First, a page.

BookBrowse Reviews Eldest by Christopher Paolini

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Eldest

Inheritance, Book II

by Christopher Paolini

Eldest by Christopher Paolini
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  • First Published:
    Aug 2005, 704 pages
    Paperback:
    Mar 2007, 704 pages

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The shelf-bending sequel to Eragon. Ages 12+

From the book jacket: Darkness falls…despair abounds…evil reigns…Eragon and his dragon, Saphira, have just saved the rebel state from destruction by the mighty forces of King Galbatorix, cruel ruler of the Empire. Now Eragon must travel to Ellesmera, land of the elves, for further training in the skills of the Dragon Rider.

Comment: As you probably know, home-schooled Paolini wrote the first volume in his planned trilogy when he was 15, having graduated from high-school via correspondence course. When it was finished the family had the book printed and Paolini toured over 135 schools and libraries to promote it, dressed in a medieval costume of red shirt, billowy black pants, lace-up boots and a jaunty black cap!  His big break came when he spoke at the school attended by Carl Hiaasen's step-son.  Hiaasen read Eragon, recommended it to Knopf (part of Random House) and they published it in 2003.  If you happen to have a copy of Eragon published by Lightning Source, complete with hand drawn maps and cover art by Paolini, treat it well as it's currently worth about $1,000!  Eldest followed in 2005 and is just now out in paperback.

A quick look at the almost 300 reader reviews at BookBrowse for Eragon and Eldest will show you that readers tend to either love or hate the books. Many in the latter court point to similarities between Paolini's characters and those found in other books, in particular Lord of the Rings and Anne McCaffrey's Dragon Rider series. They also make much of the fact that Eragon was first published by his parent's, who owned a small publishing company.

That some of his characters share more than a passing resemblance to those from other books is indisputable, but the same could be said for a multitude of heroic/quest fantasy books with their casts of dwarves, elves, dragons, et al. As for the claims that he only got published because his parents published him - frankly, this is a red-herring as these days with print-on-demand publishing anybody can get anything published - but the point is will anybody buy the finished product!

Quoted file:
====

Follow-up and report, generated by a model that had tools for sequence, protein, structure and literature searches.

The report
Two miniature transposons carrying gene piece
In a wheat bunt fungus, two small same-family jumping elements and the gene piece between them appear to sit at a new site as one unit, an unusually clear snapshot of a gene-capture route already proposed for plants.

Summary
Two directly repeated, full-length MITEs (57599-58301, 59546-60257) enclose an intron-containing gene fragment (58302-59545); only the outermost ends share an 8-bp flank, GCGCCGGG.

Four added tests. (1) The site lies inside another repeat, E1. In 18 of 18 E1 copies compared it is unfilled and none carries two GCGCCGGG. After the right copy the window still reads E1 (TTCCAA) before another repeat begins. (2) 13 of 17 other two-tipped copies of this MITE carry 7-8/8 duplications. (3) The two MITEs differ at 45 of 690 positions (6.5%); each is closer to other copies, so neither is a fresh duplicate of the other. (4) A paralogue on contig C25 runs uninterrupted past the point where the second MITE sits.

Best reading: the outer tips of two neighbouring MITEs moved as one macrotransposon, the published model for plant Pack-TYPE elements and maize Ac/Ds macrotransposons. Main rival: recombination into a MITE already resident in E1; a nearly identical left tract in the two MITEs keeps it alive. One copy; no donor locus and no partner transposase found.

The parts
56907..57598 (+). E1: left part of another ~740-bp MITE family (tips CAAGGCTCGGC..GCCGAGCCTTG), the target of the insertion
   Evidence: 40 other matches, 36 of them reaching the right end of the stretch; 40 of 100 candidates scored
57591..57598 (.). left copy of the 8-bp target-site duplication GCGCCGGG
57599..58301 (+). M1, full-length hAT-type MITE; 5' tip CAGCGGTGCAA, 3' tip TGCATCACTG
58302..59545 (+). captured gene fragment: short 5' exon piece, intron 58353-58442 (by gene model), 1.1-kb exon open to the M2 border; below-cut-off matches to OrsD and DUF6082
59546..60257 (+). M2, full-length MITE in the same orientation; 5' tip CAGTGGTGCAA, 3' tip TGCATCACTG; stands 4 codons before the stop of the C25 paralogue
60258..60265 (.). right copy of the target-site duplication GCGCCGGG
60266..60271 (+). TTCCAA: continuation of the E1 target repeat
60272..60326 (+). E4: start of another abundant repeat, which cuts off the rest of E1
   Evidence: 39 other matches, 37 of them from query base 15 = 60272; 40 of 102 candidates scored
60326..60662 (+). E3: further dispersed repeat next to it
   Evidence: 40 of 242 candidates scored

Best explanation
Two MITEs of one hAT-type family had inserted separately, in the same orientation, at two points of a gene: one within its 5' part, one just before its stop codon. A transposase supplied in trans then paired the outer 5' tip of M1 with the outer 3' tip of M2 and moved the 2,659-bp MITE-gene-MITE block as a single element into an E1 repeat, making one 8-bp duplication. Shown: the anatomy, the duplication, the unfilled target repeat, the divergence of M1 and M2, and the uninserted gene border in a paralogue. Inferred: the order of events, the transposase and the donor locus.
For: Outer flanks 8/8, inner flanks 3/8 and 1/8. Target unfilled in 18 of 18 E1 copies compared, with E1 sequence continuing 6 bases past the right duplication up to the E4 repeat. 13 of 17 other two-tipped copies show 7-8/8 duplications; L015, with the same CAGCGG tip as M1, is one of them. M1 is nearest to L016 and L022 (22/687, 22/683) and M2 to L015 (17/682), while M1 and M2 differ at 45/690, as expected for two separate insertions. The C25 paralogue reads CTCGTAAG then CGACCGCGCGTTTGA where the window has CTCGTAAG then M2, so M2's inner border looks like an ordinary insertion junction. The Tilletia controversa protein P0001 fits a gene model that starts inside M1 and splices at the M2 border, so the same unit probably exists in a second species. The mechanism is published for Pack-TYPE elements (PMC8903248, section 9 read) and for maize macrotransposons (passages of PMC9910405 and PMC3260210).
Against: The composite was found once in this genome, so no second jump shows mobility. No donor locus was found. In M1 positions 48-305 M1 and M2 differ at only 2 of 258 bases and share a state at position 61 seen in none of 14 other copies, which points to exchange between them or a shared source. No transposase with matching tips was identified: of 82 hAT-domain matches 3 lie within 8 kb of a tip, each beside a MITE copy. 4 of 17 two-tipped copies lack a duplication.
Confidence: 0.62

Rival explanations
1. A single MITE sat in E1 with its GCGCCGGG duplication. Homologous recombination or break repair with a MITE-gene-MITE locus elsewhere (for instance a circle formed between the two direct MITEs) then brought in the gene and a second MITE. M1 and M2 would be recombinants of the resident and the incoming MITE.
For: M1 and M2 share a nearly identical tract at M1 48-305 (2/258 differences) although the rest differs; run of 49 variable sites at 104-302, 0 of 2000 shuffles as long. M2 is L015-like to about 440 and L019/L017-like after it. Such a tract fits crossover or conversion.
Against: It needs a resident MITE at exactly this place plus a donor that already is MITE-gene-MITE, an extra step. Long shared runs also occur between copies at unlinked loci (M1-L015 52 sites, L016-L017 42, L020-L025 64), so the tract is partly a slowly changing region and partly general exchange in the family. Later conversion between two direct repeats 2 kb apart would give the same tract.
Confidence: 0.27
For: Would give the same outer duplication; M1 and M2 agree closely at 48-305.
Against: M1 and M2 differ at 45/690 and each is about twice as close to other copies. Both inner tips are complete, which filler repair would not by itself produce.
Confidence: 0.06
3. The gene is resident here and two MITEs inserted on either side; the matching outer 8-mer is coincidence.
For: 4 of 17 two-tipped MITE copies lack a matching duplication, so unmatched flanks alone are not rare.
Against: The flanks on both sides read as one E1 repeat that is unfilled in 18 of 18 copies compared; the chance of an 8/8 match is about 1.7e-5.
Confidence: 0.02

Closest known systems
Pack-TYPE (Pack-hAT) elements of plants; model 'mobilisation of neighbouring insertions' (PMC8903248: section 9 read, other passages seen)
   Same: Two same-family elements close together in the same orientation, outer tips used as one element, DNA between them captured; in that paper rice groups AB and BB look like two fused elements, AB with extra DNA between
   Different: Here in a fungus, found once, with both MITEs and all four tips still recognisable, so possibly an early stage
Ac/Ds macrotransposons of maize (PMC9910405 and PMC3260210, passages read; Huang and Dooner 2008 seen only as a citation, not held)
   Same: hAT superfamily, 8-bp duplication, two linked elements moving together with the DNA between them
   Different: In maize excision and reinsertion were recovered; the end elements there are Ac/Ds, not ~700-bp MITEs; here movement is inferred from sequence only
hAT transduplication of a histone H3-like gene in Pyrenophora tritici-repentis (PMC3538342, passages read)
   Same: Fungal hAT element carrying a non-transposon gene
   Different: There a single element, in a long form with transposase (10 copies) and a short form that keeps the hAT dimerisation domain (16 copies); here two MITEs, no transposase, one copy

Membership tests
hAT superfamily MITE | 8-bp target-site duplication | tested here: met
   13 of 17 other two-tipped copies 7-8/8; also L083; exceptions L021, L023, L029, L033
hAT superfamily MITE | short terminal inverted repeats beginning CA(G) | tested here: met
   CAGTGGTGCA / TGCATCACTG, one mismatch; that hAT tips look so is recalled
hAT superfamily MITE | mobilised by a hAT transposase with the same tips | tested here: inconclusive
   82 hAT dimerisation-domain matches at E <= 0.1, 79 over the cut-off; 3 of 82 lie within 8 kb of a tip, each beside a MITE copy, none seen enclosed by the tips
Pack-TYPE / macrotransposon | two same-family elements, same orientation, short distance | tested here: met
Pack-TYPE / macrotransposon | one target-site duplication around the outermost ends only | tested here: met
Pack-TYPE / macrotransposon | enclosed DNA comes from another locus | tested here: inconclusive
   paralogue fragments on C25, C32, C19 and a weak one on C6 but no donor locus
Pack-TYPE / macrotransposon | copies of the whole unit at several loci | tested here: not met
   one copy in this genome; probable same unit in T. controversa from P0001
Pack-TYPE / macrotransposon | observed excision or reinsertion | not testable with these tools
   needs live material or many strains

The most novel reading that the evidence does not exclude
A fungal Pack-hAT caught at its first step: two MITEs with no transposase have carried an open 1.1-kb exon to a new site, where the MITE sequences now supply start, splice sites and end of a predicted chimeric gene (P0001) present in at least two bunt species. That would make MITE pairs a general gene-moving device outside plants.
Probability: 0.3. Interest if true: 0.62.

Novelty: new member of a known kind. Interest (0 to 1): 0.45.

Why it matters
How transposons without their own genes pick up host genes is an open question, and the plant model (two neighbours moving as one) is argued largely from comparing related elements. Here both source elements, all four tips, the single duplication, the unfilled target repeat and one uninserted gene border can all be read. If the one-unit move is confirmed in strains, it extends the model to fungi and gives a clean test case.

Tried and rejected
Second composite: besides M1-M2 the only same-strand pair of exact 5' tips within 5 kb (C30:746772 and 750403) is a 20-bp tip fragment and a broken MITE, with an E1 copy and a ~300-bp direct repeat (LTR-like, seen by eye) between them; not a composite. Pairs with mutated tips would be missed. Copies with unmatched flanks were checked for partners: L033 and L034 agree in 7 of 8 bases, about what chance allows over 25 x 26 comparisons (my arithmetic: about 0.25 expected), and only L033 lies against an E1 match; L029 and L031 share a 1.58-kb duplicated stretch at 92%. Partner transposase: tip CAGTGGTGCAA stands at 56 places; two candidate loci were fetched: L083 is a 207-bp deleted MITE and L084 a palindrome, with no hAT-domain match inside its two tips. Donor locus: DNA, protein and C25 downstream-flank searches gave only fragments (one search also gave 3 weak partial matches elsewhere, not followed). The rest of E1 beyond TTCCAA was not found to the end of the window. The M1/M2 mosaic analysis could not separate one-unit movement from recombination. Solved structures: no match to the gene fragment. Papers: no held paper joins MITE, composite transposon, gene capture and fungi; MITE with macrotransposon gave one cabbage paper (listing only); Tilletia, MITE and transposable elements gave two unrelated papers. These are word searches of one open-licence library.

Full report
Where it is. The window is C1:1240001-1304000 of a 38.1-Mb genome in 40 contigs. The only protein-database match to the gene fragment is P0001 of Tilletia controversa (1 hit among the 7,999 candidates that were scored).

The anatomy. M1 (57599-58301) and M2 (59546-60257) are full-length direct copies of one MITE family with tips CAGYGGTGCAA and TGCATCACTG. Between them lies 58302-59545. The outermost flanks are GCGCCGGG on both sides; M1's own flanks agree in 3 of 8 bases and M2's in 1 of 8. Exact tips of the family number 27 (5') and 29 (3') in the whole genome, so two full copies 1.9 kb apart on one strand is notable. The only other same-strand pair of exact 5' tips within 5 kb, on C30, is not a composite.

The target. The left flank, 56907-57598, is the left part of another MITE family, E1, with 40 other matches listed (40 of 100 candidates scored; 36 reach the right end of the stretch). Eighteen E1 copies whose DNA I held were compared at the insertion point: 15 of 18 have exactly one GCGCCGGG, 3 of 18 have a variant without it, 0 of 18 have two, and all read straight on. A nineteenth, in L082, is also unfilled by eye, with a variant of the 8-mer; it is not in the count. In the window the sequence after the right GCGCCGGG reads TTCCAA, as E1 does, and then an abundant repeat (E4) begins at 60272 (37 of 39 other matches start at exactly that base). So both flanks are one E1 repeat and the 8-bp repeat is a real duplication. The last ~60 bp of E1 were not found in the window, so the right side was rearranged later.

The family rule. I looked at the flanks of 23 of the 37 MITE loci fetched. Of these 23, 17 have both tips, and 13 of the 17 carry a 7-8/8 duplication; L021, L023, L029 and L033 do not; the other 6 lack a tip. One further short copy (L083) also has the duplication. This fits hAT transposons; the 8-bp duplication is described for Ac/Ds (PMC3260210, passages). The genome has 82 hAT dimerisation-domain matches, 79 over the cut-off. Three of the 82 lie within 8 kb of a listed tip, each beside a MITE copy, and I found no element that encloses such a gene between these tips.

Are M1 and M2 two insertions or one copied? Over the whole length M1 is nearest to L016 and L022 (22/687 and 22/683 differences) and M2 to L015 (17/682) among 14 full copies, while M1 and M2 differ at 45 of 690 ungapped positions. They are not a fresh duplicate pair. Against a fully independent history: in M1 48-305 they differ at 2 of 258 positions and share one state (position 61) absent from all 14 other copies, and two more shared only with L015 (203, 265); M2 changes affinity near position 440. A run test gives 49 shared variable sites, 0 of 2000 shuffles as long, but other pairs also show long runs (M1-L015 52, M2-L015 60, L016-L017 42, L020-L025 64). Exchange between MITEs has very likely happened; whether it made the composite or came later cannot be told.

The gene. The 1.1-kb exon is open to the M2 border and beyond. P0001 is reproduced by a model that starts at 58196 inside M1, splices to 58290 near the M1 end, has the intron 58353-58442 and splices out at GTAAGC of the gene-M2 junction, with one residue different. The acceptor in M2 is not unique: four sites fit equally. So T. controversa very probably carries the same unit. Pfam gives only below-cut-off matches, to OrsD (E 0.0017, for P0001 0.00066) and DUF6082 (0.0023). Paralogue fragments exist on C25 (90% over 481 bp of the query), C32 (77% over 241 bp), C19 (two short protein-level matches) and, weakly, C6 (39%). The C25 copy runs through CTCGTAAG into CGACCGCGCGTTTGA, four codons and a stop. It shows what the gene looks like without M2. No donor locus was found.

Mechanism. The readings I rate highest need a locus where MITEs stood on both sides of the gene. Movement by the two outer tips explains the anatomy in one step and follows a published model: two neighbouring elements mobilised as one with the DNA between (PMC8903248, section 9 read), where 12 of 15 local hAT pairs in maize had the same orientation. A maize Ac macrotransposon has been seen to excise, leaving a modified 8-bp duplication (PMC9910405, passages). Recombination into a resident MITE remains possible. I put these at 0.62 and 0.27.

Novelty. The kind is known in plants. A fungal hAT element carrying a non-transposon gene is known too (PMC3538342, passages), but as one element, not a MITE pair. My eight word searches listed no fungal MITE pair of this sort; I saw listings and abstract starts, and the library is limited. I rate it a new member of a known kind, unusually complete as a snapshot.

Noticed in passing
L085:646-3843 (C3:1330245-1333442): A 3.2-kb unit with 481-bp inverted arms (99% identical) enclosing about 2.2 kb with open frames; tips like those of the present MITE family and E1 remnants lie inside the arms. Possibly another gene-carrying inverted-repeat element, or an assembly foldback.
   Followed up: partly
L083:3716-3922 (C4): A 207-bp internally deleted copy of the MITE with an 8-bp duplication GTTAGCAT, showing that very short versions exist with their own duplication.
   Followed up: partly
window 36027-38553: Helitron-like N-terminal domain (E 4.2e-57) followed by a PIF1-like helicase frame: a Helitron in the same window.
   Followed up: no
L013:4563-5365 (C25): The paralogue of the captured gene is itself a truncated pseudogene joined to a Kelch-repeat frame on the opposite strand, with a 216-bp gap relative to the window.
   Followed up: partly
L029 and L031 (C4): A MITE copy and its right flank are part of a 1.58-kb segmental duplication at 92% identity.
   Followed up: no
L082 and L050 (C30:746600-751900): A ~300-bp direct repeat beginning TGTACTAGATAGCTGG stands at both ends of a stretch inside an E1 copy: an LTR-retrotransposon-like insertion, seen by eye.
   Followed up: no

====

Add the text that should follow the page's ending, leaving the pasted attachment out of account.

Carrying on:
Speaking personally, I find the books very hard work.  I've tried to read them but simply can't make it through.  Paolini appears to be firmly of the belief that one should never use one adjective when five will do.  The reviewer for The Boston Globe sums up his writing style with the immortal words: "He is to English as a dog to a chainsaw: he worries it, and worries it, and devastation spreads around him."

Having said that, nothing that I or other reviewers say can take away from the fact that a multitude of children absolutely adore these books.  Our then 11-year-old son positively fell on the advanced readers copy of Eldest when it arrived, and scuttled off to his room, emerging two days later with the verdict that it was even better than Eragon - and this is a child who has read his way through a great many books including most of the fantasy books that Paolini's writing is regularly compared to.

Added to which, I owe a debt of gratitude to Paolini for writing the book that tipped our 11-year-old daughter into reading her first really "big" book.  She started Eragon at the suggestion of her brother and is now as besotted as he is, and is currently reading and greatly enjoying Eldest.

The publication date for the third volume has yet to be announced, but when it is published it will be interesting to see what the now 23-year-old Paolini comes up with to complete the cycle that he began when he was 15-years-old!

This review was originally published in September 2005, and has been updated for the March 2007 paperback release. Click here to go to this issue.



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